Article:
Selective Underlining Strategies for Reading ComprehensionSelective Underlining What Is Selective Underlining?Well, there's underlining, and there's underlining selectively. Do you remember how wonderful it was to discover the highlighter, perhaps when you were in college? How Can I Teach My Students to Selectively Underline? First of all, let's realize that not every single bit of text you have students read is in a textbook and untouchable. Think about how this strategy would work when combined with power thinking. Students might also use different colors in their underlining. Practice selective underlining for different purposes: underline key vocabulary and its definitions or explanations, and use this as an opportunity to focus on how authors reveal the meaning of new terms within the context. © 1998-present by Raymond C.
Writing Editorials Articles of the Week (AoW) Please note that, as I explain in-depth in this blog post, I take no credit for coming up with the article of the week (AoW) assignment. Kelly Gallagher (or, as I sometimes call him, The Gallagher) is the man who first introduced me to the idea through his must-read book Readicide. Thus, anything I share about my classroom’s experiences with AoWs, any theories or experiments I try out with the assignment, and any success my students or I have with it thoroughly and ultimately traces back to Kelly’s work. If I ever come across as the progenitor of this idea, please either drive to Michigan and egg my house OR contact me here so I can fix attribution mistakes. Here’s the list from this school year: “”Follow Your Bliss” Advice,” from The Week. If you have an AoW you’ve used this year that you’d like to share, contact me — I’d love to post it for the good of the community. Here’s the list for this school year: Below is a list of articles I prepared for the 2012-2013 school year.
Overview of the Frameworks For ELA/Literacy The Partnership for Assessment of Readiness for College and Careers (PARCC) developed the Model Content Frameworks for ELA/Literacy to help: Inform development of the PARCC assessments, andSupport implementation of the Common Core State Standards The PARCC Model Content Frameworks were developed through a state-led process that included ELA content experts in PARCC member states and members of the Common Core State Standards writing team. The Model Content Framework for each grade level (grades 3–11) is divided into four sections: Narrative Summary of the ELA Standards,The Model Content Framework Chart,Key Terms and Concepts for the Model Content Framework Chart, andWriting and Speaking and Listening Standards Progressions Charts The Structure of the Model Content Frameworks for ELA/Literacy section provides additional information about the four sections. Literacy Standards for Other Disciplines and the Model Content Frameworks Using the Model Content Frameworks to Support All Students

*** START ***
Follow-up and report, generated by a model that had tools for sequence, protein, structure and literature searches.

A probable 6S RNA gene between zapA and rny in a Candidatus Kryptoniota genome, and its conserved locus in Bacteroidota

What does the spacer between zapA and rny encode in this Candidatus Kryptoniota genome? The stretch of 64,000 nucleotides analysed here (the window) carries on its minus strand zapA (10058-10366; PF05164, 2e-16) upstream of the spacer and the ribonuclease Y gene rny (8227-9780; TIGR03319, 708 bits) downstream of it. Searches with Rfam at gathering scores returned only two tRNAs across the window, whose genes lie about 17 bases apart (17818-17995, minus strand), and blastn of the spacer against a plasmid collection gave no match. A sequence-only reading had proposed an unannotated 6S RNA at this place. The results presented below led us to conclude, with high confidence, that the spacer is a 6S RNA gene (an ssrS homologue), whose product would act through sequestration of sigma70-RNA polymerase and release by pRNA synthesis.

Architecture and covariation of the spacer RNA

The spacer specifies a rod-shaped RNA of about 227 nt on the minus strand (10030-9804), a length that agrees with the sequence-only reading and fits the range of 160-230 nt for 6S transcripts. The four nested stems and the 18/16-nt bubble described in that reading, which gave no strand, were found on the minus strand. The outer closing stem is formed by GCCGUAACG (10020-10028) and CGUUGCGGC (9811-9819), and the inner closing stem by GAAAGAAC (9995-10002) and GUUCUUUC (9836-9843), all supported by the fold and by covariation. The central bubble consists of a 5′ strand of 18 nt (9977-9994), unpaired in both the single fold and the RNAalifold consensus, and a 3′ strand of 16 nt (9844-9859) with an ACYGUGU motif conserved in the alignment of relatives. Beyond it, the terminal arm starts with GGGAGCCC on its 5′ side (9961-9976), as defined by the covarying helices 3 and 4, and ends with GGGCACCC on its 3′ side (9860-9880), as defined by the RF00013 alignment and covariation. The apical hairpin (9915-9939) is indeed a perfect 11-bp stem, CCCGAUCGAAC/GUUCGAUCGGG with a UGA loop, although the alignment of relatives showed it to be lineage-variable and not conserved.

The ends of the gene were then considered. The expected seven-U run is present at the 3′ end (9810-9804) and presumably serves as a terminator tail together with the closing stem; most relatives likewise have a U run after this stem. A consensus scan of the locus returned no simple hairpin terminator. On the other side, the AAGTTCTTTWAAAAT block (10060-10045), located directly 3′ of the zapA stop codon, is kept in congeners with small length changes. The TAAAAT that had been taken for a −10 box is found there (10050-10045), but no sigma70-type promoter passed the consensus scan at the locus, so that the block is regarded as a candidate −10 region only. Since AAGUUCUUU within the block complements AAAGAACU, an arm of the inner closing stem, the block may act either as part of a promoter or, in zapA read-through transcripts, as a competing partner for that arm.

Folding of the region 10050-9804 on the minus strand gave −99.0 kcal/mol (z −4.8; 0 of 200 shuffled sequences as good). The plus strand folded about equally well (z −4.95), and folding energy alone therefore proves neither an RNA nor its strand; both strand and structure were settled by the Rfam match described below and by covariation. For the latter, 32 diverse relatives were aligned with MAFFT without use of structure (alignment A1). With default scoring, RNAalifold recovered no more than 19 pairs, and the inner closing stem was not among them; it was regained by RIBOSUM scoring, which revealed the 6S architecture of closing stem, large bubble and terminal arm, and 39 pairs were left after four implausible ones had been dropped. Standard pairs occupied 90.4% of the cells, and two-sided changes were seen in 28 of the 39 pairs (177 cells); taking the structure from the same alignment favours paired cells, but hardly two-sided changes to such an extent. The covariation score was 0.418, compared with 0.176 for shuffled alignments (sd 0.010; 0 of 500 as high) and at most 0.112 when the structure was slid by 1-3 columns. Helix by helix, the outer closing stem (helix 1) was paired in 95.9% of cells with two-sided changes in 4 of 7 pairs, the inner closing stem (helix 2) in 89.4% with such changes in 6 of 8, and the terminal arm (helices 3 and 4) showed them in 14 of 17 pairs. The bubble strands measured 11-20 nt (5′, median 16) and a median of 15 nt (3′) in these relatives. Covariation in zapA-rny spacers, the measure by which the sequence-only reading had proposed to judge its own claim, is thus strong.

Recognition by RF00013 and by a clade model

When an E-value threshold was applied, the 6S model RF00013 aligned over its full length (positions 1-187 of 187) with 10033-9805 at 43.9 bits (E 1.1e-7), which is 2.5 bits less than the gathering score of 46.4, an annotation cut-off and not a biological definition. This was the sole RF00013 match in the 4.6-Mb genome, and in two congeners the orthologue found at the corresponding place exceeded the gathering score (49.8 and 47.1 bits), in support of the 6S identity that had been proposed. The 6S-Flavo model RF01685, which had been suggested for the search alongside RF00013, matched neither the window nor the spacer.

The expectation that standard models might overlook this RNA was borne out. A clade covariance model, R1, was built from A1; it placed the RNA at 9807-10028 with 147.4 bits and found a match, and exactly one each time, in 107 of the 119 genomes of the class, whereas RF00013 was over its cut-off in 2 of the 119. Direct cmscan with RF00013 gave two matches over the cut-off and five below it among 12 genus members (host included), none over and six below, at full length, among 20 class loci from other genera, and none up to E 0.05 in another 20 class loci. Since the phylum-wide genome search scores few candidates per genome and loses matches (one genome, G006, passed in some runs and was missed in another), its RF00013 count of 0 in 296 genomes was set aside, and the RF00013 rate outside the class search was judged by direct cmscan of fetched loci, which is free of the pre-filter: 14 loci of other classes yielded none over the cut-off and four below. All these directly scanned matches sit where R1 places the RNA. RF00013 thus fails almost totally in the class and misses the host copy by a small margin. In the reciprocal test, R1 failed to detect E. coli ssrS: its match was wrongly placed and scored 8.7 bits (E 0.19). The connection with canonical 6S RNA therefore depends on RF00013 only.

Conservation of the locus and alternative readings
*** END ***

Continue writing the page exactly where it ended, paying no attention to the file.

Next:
PassagBank.com - A Passage Search Engine for Teachers Using the Jigsaw Cooperative Learning Technique Grades 3 – 6 | Lesson Plan | Standard Lesson American Folklore: A Jigsaw Character Study Groups of students read and discuss American folklore stories, each group reading a different story. Using a jigsaw strategy, the groups compare character traits and main plot points of the stories. Grades 3 – 7 | Lesson Plan | Standard Lesson Strategic Reading and Writing: Summarizing Antislavery Biographies Antislavery heroes are the focus of this lesson. Grades 9 – 12 | Lesson Plan Choose, Select, Opt, or Settle: Exploring Word Choice in Poetry Students investigate the effects of word choice in Robert Frost’s “Choose Something Like a Star” to construct a more sophisticated understanding of speaker, subject, and tone. Grades 6 – 8 | Lesson Plan | Standard Lesson Technology and Copyright Law: A “Futurespective” Students research and report on instances of how copyright laws have adapted to encompass new technologies. Grades 9 – 12 | Lesson Plan | Standard Lesson
Document Analysis Worksheets Document analysis is the first step in working with primary sources. Teach your students to think through primary source documents for contextual understanding and to extract information to make informed judgments. Use these worksheets — for photos, written documents, artifacts, posters, maps, cartoons, videos, and sound recordings — to teach your students the process of document analysis. Follow this progression: The first few times you ask students to work with primary sources, and whenever you have not worked with primary sources recently, model careful document analysis using the worksheets. Don’t stop with document analysis though. Materials created by the National Archives and Records Administration are in the public domain. These worksheets were revised in February, 2017.
Why It's Time To Change How Students Cite Their Work When students write a paper, it goes without saying that they must cite the sources that they use in creating it. For generations, students have created note cards to document and organize these resources and/or submitted a bibliography page with their finished work. In the modern classroom, student research and creation has taken on a new look. Before, when students created a poster, and then separately handed in a bibliography page to the teacher, justice was done and fair credit was given for the ideas used. However, as widespread sharing of these projects becomes more common, and the internet allows students to reach an audience far beyond the school or classroom, we need to re-evaluate this procedure and address our responsibility to share these sources – not just with the teacher or school, but with all who might consume the project. Without readily available sources to review, the audience cannot truly evaluate the validity of the project. 1. 2. 3. 3.